Archive for November, 2011

Counting Lunar Craters

We use maps to get us to places that we have not been to before. They help us to reach an unseen area in ease. One of the most unexplored areas would have to be the moon. Not that we will be driving the family car to the moon very soon, but it could come to that sooner than you think. The map of the moon is an unfinished business and could make an ideal science fair project.

Of course counting all the lunar craters would be a very time consuming project so it would make sense to narrow down the scope of the project somewhat. There are two options here that you can use. In the first case you can count the lunar craters in a specific section of the moon. In the second case you can stick to counting lunar craters of a certain fixed diameter on the moon.

In either case you would have to get a number of lunar surface photographs to complete the science fair project. The Consolidated Lunar Atlas is a good source of such photos and a lot more useful information. If you look at the NASA images provided on their website online, you will be able to get some good data.

Once you collect all the data you will need to design histograms to display your findings. These will be the crux of your science fair project and must be drawn well. Certain sites would be able to help you create professional looking graphs for charts. Have fun counting the craters.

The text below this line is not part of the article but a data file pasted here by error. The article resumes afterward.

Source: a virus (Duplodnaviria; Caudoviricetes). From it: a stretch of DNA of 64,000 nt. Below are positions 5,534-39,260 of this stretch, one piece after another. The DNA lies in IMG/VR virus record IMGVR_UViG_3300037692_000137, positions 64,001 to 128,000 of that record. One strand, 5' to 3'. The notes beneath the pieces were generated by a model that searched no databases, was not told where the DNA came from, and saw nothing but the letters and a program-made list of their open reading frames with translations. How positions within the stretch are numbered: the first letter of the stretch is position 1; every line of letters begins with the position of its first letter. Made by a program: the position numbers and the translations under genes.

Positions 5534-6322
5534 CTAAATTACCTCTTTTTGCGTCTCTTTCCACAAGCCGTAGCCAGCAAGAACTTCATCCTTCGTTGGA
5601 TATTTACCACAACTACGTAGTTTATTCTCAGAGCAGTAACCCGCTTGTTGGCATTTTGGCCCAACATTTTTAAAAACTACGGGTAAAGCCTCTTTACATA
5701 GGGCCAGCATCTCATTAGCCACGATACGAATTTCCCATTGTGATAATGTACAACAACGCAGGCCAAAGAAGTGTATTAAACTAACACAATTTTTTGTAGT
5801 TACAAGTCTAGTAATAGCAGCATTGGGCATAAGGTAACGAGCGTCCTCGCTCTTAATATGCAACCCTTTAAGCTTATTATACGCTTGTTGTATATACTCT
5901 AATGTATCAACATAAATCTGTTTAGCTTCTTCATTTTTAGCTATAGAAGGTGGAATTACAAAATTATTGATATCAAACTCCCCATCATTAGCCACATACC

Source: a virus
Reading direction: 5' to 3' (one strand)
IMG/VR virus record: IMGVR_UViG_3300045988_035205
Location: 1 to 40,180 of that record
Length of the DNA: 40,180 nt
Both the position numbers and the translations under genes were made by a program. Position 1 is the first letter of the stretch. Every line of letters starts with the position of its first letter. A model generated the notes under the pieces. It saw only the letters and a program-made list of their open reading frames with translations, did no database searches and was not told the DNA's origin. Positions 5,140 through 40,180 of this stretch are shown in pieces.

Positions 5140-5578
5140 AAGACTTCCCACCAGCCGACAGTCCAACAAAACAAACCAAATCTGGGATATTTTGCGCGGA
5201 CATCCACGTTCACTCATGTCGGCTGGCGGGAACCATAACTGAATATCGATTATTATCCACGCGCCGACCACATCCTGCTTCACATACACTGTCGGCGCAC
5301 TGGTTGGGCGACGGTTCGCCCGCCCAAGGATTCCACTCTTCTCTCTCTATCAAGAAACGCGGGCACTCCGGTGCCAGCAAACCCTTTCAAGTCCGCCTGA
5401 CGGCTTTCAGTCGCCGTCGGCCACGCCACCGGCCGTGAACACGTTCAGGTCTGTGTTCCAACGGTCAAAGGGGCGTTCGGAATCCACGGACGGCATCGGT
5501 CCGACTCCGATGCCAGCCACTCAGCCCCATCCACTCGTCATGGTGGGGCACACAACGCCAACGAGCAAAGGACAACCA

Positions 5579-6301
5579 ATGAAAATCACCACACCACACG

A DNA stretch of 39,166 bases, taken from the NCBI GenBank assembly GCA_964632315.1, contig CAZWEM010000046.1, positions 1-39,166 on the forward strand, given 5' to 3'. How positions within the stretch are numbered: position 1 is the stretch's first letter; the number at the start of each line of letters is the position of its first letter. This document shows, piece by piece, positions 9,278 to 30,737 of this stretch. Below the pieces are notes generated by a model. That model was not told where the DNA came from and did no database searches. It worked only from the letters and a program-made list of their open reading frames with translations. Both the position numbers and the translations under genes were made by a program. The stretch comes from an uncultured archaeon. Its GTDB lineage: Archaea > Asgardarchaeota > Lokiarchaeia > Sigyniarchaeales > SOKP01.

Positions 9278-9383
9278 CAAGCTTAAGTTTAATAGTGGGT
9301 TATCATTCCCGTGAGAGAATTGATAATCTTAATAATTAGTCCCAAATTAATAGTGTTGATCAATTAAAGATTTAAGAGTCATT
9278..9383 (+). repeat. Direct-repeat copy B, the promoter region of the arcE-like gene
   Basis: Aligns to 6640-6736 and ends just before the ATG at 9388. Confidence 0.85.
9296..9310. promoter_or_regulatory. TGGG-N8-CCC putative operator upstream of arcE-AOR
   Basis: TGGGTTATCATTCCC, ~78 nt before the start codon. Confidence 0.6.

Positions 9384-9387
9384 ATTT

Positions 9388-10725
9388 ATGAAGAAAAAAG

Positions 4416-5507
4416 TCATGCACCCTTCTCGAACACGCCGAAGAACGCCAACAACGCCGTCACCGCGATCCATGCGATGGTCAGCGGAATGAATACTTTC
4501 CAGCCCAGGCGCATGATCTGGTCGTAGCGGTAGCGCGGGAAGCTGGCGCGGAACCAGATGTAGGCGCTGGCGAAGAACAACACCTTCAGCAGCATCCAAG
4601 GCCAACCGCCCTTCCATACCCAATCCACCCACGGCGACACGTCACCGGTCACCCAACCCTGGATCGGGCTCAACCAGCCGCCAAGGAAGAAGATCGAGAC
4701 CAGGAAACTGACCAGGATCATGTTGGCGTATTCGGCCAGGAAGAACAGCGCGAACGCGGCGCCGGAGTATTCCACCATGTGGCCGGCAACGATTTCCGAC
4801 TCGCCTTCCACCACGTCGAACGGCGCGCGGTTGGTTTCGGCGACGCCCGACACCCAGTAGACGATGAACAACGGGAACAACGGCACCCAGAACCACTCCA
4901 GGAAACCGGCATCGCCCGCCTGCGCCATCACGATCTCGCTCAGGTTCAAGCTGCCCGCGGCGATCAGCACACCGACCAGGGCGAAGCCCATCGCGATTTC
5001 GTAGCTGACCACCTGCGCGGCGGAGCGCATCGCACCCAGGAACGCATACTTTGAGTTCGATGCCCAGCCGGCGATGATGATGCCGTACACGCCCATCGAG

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Photography and the night sky

If you have done the science project in the last blog post you already have the ideal location for star gazing all mapped out for the project. For an unusual science fair project you could elect to look for the dimmest star that you can find. The usual rule is that the brighter a star appears the larger it is and the closer it will be to the planet Earth.

To hunt for the star that is the most far away can be a real challenge as the dim star light is usually the most difficult to measure in terms of apparent magnitude. That is the measurement used to showcase the brightness of a star. This would not be a science project for beginners as some  detailed calculations will be part of the project.

Also there will be a need to utilize a digital camera to take photographs of different sections of the night sky to find the dimmest stars. Then these specific stars would have their brightness measured to determine which amongst them is the one that you seek. Histograms of the snapshots taken would also have to be created to show the magnitude of the star.

The project would involve careful record keeping and a great deal of dedication. There is also a pre requisite to have a fairly good idea about what the night sky actually looks like. It would be a great science fair project if all aspects were taken care of.

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Finding the right location for star gazing

Any number of interesting science fair projects can be based on astronomy. The main challenge to students based in urban areas is the fact that it is difficult to spot the stars at night due to the city lights in the night time. There was an interesting project undertaken worldwide some years ago when everyone on the planet switched off their lights at the same time to counteract this light pollution.

The correct term for this light pollution is skyglow.  For any star based project to be successful you need to find the right place for observation to counteract this skyglow. In some areas the stars can be seen but not too clearly. This is not the best location to base a science experiment where you are trying to measure the intensity of light from different stars.